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The Six Wives of Henry VIII

 Derek Wilson looks at book on the personality of a king revealed through his marriages

Published: October 13, 2009 at 11:12 am

Reviewed by: Derek Wilson
Author: David Loades
Publisher: Amberley
Price (RRP): £14.99


Basic to Professor Loades’s case is that Henry’s “successive marriages… richly repay investigation” because they reveal so much of his complex personality. Loades analyses carefully the significance of marriage number one to Katherine, the daughter of Ferdinand and Isabella of Spain, and shows how his contacts with his Spanish relatives entangled him in continental wars that gained him nothing.

Henry abandoned the Habsburg alliance when he decided to have his marriage to Katherine annulled because she had failed to produce a male heir. The long struggle over the
divorce made him bitter and fanatically determined to get his own way. The enormous price
he and the country paid was England’s severance from western Catholicism.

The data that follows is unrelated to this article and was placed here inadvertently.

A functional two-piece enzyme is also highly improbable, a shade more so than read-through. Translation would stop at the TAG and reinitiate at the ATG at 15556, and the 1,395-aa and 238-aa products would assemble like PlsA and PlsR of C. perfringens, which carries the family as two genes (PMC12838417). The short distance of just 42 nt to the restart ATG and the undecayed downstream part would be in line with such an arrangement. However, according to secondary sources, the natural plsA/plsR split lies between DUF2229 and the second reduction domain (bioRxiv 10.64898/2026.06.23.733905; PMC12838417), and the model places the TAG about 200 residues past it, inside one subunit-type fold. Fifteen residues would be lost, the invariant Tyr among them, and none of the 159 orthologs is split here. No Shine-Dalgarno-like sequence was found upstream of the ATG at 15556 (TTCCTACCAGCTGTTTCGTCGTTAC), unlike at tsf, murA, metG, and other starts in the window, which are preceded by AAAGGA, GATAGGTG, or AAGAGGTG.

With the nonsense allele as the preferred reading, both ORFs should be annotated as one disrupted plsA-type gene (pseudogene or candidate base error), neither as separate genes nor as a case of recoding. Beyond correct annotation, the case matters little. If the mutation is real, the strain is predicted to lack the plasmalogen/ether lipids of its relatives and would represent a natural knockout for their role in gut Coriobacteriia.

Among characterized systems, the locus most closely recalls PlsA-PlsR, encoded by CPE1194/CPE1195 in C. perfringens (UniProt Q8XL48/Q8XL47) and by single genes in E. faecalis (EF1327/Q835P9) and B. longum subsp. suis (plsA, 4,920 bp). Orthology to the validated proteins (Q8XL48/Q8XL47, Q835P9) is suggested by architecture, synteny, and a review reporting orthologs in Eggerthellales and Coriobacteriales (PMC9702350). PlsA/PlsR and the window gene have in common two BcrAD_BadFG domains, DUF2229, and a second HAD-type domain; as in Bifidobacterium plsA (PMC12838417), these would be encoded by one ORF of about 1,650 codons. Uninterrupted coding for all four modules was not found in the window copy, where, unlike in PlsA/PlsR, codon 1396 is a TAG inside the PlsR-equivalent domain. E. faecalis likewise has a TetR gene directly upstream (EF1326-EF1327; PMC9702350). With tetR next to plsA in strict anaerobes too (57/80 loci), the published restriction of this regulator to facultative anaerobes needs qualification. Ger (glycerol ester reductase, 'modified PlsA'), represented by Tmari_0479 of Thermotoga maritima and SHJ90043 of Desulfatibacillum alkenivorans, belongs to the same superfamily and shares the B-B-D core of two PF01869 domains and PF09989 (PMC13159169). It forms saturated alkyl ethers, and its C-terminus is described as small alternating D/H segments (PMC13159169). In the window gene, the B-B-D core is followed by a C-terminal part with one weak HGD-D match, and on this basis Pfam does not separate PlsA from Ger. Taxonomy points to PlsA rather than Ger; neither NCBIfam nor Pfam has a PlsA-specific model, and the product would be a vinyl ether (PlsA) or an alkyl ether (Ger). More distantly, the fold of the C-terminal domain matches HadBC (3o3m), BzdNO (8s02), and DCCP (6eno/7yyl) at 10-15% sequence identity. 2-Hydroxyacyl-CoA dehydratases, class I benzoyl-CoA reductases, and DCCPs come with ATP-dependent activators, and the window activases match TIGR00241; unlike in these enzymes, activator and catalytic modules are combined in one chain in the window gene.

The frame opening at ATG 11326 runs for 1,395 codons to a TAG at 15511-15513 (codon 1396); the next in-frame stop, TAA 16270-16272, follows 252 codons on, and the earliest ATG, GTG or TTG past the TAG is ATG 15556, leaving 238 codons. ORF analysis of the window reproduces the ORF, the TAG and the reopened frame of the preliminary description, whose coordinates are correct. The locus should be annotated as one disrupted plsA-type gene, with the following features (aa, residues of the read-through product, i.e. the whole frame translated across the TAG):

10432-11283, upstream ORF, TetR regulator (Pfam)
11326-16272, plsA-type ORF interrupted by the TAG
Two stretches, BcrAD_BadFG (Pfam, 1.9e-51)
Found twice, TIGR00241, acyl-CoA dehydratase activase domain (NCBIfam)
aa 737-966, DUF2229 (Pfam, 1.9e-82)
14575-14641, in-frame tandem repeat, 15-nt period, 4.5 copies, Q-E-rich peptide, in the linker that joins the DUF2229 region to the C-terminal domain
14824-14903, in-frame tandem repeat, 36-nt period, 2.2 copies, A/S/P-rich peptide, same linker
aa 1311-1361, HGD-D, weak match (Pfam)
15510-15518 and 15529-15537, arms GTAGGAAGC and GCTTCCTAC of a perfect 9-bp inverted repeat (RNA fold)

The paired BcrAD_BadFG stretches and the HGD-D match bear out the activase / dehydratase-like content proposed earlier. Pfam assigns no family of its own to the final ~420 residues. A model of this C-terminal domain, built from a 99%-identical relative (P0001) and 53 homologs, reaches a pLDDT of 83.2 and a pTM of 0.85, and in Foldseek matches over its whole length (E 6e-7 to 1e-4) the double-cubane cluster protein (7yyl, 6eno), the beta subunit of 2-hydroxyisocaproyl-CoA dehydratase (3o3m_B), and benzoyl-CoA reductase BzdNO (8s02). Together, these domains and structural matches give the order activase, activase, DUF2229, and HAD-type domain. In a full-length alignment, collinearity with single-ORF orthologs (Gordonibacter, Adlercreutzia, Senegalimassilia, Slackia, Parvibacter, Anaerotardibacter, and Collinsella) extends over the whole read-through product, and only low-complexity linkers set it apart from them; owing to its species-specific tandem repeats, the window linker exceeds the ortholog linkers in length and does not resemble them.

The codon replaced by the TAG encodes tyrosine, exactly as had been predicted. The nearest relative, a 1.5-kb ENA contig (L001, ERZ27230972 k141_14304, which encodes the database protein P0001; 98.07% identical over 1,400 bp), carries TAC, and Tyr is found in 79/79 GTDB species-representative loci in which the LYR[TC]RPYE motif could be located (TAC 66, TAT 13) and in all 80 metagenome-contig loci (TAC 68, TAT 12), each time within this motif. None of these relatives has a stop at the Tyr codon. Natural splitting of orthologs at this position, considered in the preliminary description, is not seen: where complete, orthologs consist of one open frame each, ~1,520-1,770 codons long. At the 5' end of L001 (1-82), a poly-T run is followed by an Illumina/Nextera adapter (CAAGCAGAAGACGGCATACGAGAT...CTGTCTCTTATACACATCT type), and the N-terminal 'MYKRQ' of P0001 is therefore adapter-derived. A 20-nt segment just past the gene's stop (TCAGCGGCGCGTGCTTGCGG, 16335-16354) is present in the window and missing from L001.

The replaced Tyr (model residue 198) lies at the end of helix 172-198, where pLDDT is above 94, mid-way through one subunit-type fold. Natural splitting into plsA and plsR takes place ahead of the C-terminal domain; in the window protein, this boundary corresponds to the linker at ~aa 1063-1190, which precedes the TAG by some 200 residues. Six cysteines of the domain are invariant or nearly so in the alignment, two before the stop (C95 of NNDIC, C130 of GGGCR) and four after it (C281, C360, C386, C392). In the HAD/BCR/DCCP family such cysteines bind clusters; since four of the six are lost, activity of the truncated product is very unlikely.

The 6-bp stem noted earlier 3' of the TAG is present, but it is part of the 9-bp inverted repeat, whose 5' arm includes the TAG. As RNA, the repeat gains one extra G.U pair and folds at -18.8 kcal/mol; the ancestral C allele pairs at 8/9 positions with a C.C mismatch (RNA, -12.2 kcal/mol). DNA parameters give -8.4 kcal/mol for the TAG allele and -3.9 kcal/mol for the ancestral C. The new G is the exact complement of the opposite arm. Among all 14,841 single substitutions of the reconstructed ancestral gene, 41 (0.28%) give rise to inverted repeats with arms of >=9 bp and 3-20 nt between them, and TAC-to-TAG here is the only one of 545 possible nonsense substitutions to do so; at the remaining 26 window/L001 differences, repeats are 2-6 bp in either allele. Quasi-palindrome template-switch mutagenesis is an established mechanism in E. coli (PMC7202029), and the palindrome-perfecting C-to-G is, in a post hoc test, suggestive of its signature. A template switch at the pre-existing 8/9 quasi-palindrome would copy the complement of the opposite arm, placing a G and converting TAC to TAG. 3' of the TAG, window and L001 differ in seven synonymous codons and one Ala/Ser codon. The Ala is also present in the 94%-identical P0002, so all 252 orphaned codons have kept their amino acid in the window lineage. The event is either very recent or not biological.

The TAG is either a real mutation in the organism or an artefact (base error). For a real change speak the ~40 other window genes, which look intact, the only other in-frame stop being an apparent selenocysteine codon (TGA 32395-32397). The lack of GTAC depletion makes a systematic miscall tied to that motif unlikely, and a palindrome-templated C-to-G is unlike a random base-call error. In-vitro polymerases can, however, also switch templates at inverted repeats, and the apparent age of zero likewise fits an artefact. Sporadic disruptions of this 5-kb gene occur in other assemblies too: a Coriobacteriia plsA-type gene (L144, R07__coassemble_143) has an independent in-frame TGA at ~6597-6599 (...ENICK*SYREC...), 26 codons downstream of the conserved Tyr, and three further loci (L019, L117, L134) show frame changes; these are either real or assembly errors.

In 1536 it was private and political prerogatives that became entwined with religious affairs, court factions and personal ambitions to bring about the downfall of Anne Boleyn. The birth of a son to wife number three in October 1537 seemed to justify the king’s persistence and cruelty. The death of Jane Seymour from post-natal complications projected the increasingly overweight Henry into his last three marriages. Anne of Cleves and Catherine Howard both exposed the king’s failing sexual powers, and this Loades regards as the reason for Henry’s rejection of wives four and five. Anne failed to stimulate Henry and Henry failed to satisfy Catherine. By the time Kateryn Parr became his sixth wife sexual relations had become impossible for the obese and semi-invalid king. Instead he directed his masculine energies into a fresh burst of ruinous warfare.

Loades proposes that what serial marriage tells us about Henry VIII is that this was a man who always got what he wanted. His sexuality was a thermometer recording the temperature of his willpower. In a text of 150 pages, adorned with excellent illustrations, it is not possible to treat this theme exhaustively but Loades does offer us interesting insights into a repulsive yet constantly fascinating personality.


Derek Wilson’s latest book is A Brief History of Henry VIII: King, Reformer and Tyrant (Constable & Robinson, 2009)


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